Tuesday, November 20, 2012

Germany's trouble with the truth

In a der Spiegel column, Stefan Kaiser explains why the German government will continue to resist recognizing the losses on the Greek debt, but how eventually, only after the size of the losses has gotten bigger, the losses will have to be recognized.

His argument suggests that the transition from the failed Japanese Model for handling a bank solvency led financial crisis to the Swedish Model is inevitable.

Under the Japanese Model, bank book capital and banker bonuses are protected at all costs.  By definition the policies pursued under this model do not allow for losses on bad debt to be recognized.

Under the Swedish Model, banks are required to recognize upfront the losses on the bad debt in the financial system.

I agree that adoption of the Swedish Model is inevitable.  However, Japan shows that while it is inevitable, at the urging of the bankers, policy makers will push the moment of when the Swedish Model is adopted as far as possible into the future.

This delay guarantees maximum damage to the real economy and the social contract it supports.  It also guarantees maximum bonuses paid to bankers.
At some point, even the best tricks -- the aimless chatter of "other solutions," the putting-off of painful decisions -- don't help any longer. 
At some point, Greece's rescuers in Berlin, Brussels or Paris will have to admit that saving the country is going to cost a lot of money..... the money will simply be a loss for Germany and the other creditor nations. 
They'll have to make it up some other way, such as raising taxes or cutting expenditures.
Under the Japanese Model, the only options for making up a loss from writing down bad debt hurt the taxpayers:  either through higher taxes or less government expenditures.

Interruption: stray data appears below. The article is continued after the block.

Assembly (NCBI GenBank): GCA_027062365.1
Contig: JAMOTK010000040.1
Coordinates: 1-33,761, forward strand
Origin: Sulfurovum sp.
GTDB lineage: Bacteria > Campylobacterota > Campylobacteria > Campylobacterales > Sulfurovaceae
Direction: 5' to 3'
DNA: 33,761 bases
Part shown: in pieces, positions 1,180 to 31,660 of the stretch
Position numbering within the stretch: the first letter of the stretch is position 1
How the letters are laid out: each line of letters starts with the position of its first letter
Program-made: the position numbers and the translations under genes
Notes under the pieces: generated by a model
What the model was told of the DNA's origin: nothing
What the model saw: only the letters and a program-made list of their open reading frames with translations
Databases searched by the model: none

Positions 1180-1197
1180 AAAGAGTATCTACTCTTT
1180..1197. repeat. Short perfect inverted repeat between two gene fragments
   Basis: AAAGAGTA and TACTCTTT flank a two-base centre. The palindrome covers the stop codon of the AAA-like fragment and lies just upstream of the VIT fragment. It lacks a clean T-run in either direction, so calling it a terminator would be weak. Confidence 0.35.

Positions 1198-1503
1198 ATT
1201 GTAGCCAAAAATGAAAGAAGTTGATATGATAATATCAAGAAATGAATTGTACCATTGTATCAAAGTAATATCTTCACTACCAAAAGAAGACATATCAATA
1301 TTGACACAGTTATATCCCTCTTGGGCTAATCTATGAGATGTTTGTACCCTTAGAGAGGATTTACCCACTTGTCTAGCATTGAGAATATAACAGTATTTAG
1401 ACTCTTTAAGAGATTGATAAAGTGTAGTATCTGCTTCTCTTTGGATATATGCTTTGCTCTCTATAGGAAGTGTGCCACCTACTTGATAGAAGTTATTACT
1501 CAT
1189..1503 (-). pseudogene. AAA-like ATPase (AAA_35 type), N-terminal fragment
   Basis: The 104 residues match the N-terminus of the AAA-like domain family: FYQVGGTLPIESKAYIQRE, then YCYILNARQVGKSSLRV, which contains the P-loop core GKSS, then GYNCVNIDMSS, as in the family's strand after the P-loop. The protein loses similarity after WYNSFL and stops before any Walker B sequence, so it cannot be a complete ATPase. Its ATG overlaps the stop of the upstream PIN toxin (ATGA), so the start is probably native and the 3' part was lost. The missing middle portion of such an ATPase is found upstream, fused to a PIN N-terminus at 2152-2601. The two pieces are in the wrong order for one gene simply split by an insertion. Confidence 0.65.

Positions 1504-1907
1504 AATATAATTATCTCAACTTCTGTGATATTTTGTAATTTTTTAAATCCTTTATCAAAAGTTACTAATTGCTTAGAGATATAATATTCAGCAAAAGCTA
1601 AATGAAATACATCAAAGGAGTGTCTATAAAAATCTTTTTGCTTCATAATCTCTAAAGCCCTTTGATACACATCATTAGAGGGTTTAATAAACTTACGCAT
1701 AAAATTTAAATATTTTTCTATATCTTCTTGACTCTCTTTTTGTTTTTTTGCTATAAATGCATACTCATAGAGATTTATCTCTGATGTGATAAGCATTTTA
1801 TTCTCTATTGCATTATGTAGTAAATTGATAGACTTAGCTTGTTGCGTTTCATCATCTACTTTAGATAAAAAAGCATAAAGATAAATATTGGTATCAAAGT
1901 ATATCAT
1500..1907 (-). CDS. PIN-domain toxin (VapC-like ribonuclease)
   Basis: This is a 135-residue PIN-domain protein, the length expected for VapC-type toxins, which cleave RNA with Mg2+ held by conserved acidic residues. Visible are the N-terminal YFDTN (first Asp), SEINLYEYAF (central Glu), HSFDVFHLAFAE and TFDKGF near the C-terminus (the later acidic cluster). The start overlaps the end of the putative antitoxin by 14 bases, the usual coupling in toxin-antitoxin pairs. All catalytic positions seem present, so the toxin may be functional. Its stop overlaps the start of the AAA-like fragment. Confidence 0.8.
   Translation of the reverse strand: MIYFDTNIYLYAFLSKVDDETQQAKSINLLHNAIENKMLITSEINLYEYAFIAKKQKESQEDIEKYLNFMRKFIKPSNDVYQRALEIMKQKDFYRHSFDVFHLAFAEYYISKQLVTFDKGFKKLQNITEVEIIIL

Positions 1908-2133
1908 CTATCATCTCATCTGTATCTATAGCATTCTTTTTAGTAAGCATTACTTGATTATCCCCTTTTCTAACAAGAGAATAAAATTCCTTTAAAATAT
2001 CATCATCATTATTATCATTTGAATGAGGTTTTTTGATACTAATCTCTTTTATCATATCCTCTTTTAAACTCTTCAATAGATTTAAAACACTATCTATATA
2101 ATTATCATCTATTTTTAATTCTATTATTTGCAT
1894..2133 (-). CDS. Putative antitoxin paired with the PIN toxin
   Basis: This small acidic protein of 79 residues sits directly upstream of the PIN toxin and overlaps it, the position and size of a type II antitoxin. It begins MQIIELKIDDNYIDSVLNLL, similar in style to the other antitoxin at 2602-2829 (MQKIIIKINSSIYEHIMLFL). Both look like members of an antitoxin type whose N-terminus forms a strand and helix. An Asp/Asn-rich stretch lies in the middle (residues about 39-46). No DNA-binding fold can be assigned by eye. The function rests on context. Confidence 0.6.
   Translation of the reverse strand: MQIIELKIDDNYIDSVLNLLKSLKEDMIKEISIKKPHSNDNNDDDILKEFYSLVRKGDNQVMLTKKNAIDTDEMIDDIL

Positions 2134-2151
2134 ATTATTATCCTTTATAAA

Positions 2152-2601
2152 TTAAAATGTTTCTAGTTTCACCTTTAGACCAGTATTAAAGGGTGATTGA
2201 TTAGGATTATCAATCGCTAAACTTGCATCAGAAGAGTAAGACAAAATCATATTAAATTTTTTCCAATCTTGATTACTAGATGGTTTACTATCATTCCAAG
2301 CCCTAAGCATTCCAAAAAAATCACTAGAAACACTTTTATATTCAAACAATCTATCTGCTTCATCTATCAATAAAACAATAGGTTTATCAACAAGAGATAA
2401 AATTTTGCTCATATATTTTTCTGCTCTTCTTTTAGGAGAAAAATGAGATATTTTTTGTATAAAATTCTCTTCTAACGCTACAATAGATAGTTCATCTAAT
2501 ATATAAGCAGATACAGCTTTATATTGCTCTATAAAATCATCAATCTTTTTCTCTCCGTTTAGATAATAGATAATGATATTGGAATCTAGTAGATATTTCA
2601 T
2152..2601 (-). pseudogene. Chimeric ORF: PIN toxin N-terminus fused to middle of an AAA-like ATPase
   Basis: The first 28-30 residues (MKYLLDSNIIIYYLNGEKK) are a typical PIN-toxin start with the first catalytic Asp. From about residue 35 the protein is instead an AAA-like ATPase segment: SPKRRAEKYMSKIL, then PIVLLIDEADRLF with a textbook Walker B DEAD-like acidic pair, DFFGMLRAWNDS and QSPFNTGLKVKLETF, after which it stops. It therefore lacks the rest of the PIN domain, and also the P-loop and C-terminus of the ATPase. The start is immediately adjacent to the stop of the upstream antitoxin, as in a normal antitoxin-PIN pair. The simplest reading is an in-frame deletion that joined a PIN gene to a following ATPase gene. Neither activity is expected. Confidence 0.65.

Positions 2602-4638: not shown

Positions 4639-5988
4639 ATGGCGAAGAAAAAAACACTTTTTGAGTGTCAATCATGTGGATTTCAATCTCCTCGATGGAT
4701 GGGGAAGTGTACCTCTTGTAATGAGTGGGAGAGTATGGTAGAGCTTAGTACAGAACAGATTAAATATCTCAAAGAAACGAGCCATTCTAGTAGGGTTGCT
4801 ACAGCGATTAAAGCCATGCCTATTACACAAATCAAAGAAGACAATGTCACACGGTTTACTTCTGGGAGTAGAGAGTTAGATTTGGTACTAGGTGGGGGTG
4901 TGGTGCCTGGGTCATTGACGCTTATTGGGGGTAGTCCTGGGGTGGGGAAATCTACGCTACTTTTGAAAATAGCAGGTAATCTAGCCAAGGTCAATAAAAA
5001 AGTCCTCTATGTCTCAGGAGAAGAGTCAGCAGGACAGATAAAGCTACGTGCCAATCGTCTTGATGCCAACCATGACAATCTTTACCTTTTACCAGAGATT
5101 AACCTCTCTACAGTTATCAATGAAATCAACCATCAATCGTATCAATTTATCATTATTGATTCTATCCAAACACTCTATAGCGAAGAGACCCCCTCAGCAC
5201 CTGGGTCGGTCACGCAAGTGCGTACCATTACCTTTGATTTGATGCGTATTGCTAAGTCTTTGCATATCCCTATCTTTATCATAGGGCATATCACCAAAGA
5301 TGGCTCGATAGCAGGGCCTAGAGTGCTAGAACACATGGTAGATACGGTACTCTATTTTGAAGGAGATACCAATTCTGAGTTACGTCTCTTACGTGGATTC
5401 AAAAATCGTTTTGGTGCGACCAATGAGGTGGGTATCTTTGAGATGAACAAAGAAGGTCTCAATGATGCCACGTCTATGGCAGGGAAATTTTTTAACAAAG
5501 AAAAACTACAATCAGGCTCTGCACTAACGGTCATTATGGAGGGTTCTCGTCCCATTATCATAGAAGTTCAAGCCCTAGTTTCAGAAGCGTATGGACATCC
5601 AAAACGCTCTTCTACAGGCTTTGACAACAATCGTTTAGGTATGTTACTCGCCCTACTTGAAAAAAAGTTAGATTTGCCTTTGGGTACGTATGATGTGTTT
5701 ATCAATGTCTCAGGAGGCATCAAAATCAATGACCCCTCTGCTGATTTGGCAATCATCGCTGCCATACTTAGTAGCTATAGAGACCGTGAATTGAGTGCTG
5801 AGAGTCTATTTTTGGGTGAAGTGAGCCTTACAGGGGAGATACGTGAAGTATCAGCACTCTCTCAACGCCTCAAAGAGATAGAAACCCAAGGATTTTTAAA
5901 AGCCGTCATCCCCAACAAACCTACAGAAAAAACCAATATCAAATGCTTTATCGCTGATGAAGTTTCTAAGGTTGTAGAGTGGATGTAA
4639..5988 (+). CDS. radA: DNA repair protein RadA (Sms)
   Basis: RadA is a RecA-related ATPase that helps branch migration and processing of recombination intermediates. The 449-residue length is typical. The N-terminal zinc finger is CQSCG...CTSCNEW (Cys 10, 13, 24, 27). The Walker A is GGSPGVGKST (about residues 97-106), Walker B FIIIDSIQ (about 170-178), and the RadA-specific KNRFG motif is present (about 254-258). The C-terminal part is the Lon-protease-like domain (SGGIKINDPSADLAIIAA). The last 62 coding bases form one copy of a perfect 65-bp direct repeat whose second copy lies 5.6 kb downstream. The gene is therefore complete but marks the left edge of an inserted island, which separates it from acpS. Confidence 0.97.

Under the Swedish Model, a third option for paying for the losses is introduced.  An option that doesn't hurt taxpayers at all.  That option is that banks "pay" for the losses.

The way that banks pay for the losses is through retention of 100% of future earnings to rebuild their book capital levels.

It is common sense that the banks should pay as nobody forced them to extend credit beyond the capacity of the borrower to repay.
There's just one problem, though. This moment of insight and clarity is still a long way off.  
For the time being, it seems as though the euro-zone countries are just going to keep carrying along as they have been. That is, muddling onward and delaying reality for as long as possible. 
This pushing off adopting the Swedish Model is extremely expensive.

It shifts the burden of the excess debt onto the real economy.  As your humble blogger predicted at the outset of the financial crisis, until the losses are realized, the global economy will be in a Japan-style economic slump with a bias towards spiraling downwards that is periodically interrupted by fiscal and monetary stimulus programs.
Angela Merkel is the master of this strategy. The German chancellor wants to push back Greece's necessary payday by at least 10 months. That's because she hopes to be re-elected in the fall of 2013.... 
That means when the euro finance ministers meet on Tuesday to free up the next tranche of Greece's second rescue package, they will only resolve as much as is absolutely necessary to get through the next months.